Electronic Signature Policy

Technology is a critical component of all aspects of business. Increasingly, business leaders, customers and employees expect to execute documents conveniently with assurance that the signature is secure and compliant. To meet that need, e-signature technology must be implemented with appropriate security controls. In addition, a well-developed e-signature policy will simplify the process for any organization.

Electronic signatures transform the way organizations do business. Not only does it eliminate the hassle of sending paper agreements for wet signatures, it also speeds up signature and approval processes dramatically. The first step to implementing electronic signatures is to incorporate the process in your existing approval workflow and establish a master signature policy. This policy should explain the terms and conditions under which an electronic signature can be created or validated.

How can you develop an e-signature policy for your organization?

A strong e-signature policy sets forth the guidelines for using e-signatures and helps ensure the signature processes comply with local and global laws, as well as regulatory guidelines. CLOC has developed sample policies ranging from least restrictive to restrictive to aid in launching a master policy within organizations.

Considerations in developing an e-signature policy
The first step in drafting an e-signature policy is to evaluate your agreement approval process to find the right signature approach for your organization. You’ll need to balance regulations and risks, and consider what level of effort is necessary to make your business transactions legal and secure.

  1. What type of documents will you allow to be signed electronically? Define your acceptable agreement types and their sensitivity level. Many times organizations will start with low risk agreements, like NDAs, or low dollar procurement and statement of work agreements. Some may even consider employment documents like an offer letter.
  2. What kind of signatures will you be using? Define signature types. You may want to start with a very restrictive policy and then modify to be less restrictive as your organization becomes more mature. By accepting simple signatures, you may dramatically speed up your contract processing efforts.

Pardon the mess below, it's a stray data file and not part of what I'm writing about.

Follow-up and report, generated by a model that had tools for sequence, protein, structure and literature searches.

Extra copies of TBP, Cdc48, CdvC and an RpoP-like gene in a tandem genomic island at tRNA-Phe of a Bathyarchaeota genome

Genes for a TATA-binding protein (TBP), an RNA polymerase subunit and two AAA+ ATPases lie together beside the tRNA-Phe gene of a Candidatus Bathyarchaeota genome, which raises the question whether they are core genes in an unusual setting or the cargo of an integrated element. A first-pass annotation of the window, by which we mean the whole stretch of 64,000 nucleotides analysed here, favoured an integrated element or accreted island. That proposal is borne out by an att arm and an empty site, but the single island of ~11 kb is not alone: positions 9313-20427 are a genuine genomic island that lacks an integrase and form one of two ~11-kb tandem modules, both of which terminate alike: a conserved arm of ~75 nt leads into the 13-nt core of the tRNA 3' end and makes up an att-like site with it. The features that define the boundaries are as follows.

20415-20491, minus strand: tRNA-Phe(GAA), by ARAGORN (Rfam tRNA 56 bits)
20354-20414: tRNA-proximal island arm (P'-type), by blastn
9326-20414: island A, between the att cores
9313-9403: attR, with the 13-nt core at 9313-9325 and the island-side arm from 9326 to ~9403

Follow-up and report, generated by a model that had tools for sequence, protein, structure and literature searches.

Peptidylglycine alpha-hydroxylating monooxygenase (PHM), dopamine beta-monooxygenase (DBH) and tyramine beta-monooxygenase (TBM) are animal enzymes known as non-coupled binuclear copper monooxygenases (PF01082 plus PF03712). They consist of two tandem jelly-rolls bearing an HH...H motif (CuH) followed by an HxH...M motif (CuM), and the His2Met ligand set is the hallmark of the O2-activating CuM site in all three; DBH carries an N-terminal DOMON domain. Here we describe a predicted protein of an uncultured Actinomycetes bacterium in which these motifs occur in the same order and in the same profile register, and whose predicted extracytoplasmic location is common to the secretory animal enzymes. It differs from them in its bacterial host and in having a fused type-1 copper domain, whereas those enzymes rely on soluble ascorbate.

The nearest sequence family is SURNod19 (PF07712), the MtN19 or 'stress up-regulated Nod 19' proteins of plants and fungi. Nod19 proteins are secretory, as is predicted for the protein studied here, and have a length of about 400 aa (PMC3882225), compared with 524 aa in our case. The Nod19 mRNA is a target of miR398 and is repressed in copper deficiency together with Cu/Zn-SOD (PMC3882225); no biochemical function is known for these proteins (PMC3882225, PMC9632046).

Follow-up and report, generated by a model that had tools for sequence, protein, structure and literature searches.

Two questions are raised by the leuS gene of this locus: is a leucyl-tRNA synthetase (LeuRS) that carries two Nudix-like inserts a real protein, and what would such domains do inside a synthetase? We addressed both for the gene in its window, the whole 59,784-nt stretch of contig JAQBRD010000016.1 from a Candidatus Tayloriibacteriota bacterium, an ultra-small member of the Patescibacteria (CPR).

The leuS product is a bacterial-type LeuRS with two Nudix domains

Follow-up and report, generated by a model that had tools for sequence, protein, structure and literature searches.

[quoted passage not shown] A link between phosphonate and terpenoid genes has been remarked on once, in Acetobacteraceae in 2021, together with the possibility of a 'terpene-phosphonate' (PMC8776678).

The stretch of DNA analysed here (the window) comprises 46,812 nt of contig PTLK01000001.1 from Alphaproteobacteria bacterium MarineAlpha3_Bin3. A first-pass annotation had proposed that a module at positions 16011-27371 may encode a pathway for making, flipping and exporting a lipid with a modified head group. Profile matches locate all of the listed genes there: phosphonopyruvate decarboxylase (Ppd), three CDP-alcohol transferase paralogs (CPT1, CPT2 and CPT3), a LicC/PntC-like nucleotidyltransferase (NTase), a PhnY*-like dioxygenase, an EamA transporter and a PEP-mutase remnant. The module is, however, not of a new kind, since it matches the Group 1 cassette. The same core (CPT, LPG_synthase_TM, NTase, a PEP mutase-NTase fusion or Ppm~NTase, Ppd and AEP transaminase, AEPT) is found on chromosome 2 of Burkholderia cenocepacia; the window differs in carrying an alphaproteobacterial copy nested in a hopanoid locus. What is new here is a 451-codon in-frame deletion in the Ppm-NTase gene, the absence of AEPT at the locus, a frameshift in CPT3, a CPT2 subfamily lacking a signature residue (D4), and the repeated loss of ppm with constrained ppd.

3. Where are you doing business and what is the local law on electronic signatures? E-signature laws vary from country to country. Develop a summary of jurisdictions in all the countries where you do business.
  4. Who has authority to sign and how do you authenticate? Since documents can be legally binding, it is important to establish restrictions as to who in the organization can sign specific document types. This is important to consider if you operate a global business with multiple entities, as this may impact tax laws and regulations.
Provisions to include in your e-signature policy
  • Consider using US governing law to further reduce risk which puts you into a venue that robustly supports e-signatures.
  • Define any exceptions to your signature process, such as delegation to non authorized signers.
  • Ensure standard document management and retention.
  • Update templates with express consent to do business electronically.
  • Give signees the ability to opt-out of an e-signature.
  • Lots of other creative possibilities
    • Organizations may use simple electronic signatures but require a scan of a handwritten signature.
    • Use simple signatures for 98% of all business and use handwritten signatures for the other 2%.
    • Use a pilot program in certain divisions/groups, or an agreement type rollout. There’s a lot of flexibility in choosing what works best for your business.
Once you know the approach you would like to take, make it easy for your users to understand by defining the purpose, explaining the process, and provide a summary of the policy. Make sure to also define the terms using the policy guidelines and communicate the policy to all stakeholders through the organization.
Resources and Tools
External References

Thank you to the members of the legal ecosystem who participated in the creation of this initiative.

Core E-signature Team
  • Connie Brenton, NetApp
  • Lisa Konie, Adobe
  • Dan Puterbaugh, Adobe Systems
  • Dan Coll, Jabil